TL;DR – Bombastic as always, but it doesn’t set itself apart from what came before, and the story struggles to find its voice.
Score – 3 out of 5 stars
Post-Credit Scene – There is a post title scene at the start of the credits
As we talked about in our look back at the first Pacific Rim (see review), I was a real big fan of the original. Guillermo del Toro’s film about giant monsters called Kaijus attacking the cities around the Pacific Ocean being stopped by giant mechas called Jaegers. There was something easy and yet compelling with the setup and the world they created. With Pacific Rim Uprising we get more of the same as the first film yet somehow it feels like something got lost along the way, and that, unfortunately, it just does not work as well as the first film. So with that in mind, we are going to dive into Pacific Rim Uprising to look at what worked and what didn’t.
So to set the scene, it has been 10 years since the end of Pacific Rim and in all that time the rift at the bottom of the Pacific Ocean has never reopened, but the world remains vigilant. While many of the coastal cities have rebuilt, and it looks like they took down that silly wall, the legacy of the war with Kaijus still remains. However, just because there has been no incursion does not mean the world is sitting back, the Jaeger program is still going strong with new and more powerful mechas being built all the time to make sure the world is prepared for the next attack.
In this lull, we are introduced to Jake Pentecost (Jake Pentecost), the son of the great Stacker Pentecost from the first film. He was a Jaeger pilot but was fired from the program and now spends his time stealing things in the ruins of Los Angeles. The one thing the Pan-Pacific Defence Corps does not like you doing is trying to build your own Jaeger, which of course is why stealing from a Jaeger decommissioning plant is so lucrative. Everything was going to plan until they got to the room with the power housing and found it to be empty, with the tech on the move. Jake tracks the missing part to Amara Namani’s (Cailee Spaeny) bunker, while she may be a teenager, she has also built her own Jaeger, though just a small one. Well, the PPDC track Jake and Amara down and his adoptive sister, now Secretary General, Mako Mori (Rinko Kikuchi) gives him a choice, go to jail or be the Jaeger pilot she knows he is. While this is happening there is a debate about replacing Jaeger pilots with Liwen Shao (Jing Tian) and Dr Newt Geiszler’s (Charlie Day) drones, and Dr Hermann Gottlieb (Burn Gorman) feels that something is clearly amiss. Now as we jump into looking at the rest of the film, just a warning that there may be some [SPOILERS] coming up.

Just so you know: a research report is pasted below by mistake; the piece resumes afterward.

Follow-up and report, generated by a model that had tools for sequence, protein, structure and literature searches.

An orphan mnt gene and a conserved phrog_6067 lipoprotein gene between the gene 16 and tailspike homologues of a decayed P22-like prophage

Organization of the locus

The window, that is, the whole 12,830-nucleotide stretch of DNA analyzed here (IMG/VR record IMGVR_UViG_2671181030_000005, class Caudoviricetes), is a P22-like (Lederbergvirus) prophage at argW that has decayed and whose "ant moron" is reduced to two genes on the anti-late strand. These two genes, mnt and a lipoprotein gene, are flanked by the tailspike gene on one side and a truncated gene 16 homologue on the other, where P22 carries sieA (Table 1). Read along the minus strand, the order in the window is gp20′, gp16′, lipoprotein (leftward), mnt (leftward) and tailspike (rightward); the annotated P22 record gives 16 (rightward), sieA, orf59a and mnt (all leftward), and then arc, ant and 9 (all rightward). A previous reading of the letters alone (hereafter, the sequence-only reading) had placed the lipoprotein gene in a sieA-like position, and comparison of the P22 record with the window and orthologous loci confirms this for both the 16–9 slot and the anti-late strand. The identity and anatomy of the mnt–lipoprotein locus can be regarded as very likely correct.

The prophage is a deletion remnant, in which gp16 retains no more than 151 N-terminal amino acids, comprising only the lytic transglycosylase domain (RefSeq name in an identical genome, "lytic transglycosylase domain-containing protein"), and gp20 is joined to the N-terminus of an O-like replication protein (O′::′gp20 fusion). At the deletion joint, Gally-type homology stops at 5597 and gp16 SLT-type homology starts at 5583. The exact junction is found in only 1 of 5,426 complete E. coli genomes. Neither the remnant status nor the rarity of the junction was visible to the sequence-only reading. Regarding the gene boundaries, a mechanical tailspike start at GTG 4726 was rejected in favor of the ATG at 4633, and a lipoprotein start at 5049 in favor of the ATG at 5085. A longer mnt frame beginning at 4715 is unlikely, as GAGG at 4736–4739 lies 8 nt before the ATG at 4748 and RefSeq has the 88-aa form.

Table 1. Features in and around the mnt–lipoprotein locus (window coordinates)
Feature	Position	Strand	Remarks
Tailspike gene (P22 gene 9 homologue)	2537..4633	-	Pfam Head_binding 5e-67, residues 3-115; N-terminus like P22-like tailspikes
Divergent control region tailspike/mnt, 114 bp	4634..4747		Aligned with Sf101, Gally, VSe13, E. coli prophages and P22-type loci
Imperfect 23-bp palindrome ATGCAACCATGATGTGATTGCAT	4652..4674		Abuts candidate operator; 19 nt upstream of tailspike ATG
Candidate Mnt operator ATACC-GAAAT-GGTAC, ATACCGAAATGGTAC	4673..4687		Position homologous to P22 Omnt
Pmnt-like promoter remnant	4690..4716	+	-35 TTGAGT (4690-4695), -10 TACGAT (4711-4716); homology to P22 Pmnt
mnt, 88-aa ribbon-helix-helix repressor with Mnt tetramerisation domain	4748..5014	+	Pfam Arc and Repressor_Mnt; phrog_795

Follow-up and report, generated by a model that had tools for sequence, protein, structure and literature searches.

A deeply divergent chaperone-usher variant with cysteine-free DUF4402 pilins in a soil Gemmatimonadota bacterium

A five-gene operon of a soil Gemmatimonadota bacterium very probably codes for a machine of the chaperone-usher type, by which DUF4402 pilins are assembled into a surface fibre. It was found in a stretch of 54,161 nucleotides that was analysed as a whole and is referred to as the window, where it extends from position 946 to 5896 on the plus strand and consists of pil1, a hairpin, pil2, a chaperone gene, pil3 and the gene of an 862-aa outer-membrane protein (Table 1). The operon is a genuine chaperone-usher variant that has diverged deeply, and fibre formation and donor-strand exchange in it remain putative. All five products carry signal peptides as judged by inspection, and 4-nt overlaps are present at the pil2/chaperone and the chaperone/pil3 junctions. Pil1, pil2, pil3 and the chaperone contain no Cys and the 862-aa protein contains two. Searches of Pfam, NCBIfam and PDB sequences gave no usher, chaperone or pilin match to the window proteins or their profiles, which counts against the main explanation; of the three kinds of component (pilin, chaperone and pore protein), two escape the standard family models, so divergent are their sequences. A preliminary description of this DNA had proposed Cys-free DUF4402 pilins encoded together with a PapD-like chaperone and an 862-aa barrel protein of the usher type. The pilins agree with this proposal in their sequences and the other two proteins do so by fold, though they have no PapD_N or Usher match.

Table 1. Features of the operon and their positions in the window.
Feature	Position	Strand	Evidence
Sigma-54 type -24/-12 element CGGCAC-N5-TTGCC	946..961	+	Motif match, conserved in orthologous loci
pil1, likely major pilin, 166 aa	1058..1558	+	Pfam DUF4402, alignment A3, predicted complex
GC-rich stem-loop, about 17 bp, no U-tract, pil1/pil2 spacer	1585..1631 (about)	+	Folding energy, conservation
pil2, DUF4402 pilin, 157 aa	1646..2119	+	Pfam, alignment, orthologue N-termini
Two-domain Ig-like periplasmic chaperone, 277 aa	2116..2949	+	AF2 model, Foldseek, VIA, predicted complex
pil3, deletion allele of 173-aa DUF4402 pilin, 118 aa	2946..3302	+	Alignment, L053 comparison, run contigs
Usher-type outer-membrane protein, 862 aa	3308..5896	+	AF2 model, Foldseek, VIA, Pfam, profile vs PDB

Before I dive into the film and some of its issues I do want to say that there is a lot that the film does get right. The visuals, much like the first film, Uprising are a treat to the eyes with some gorgeous creature creation as well as some of the best mecha designs in modern cinema. Not only are the designs like Gipsy Avenger really good, they really hold up in the action sequences, which are all really well framed and designed. I think the highlight for me was the battle in Sydney, though that just might because the movie was filmed in my home city of Brisbane, hey I finally get what you go through Vancouver. So the film builds upon everything that worked well in the first film and amplifies it in the second. Now when this is happening the film is at its best, unfortunately, this is not the sum of Pacific Rim Uprising.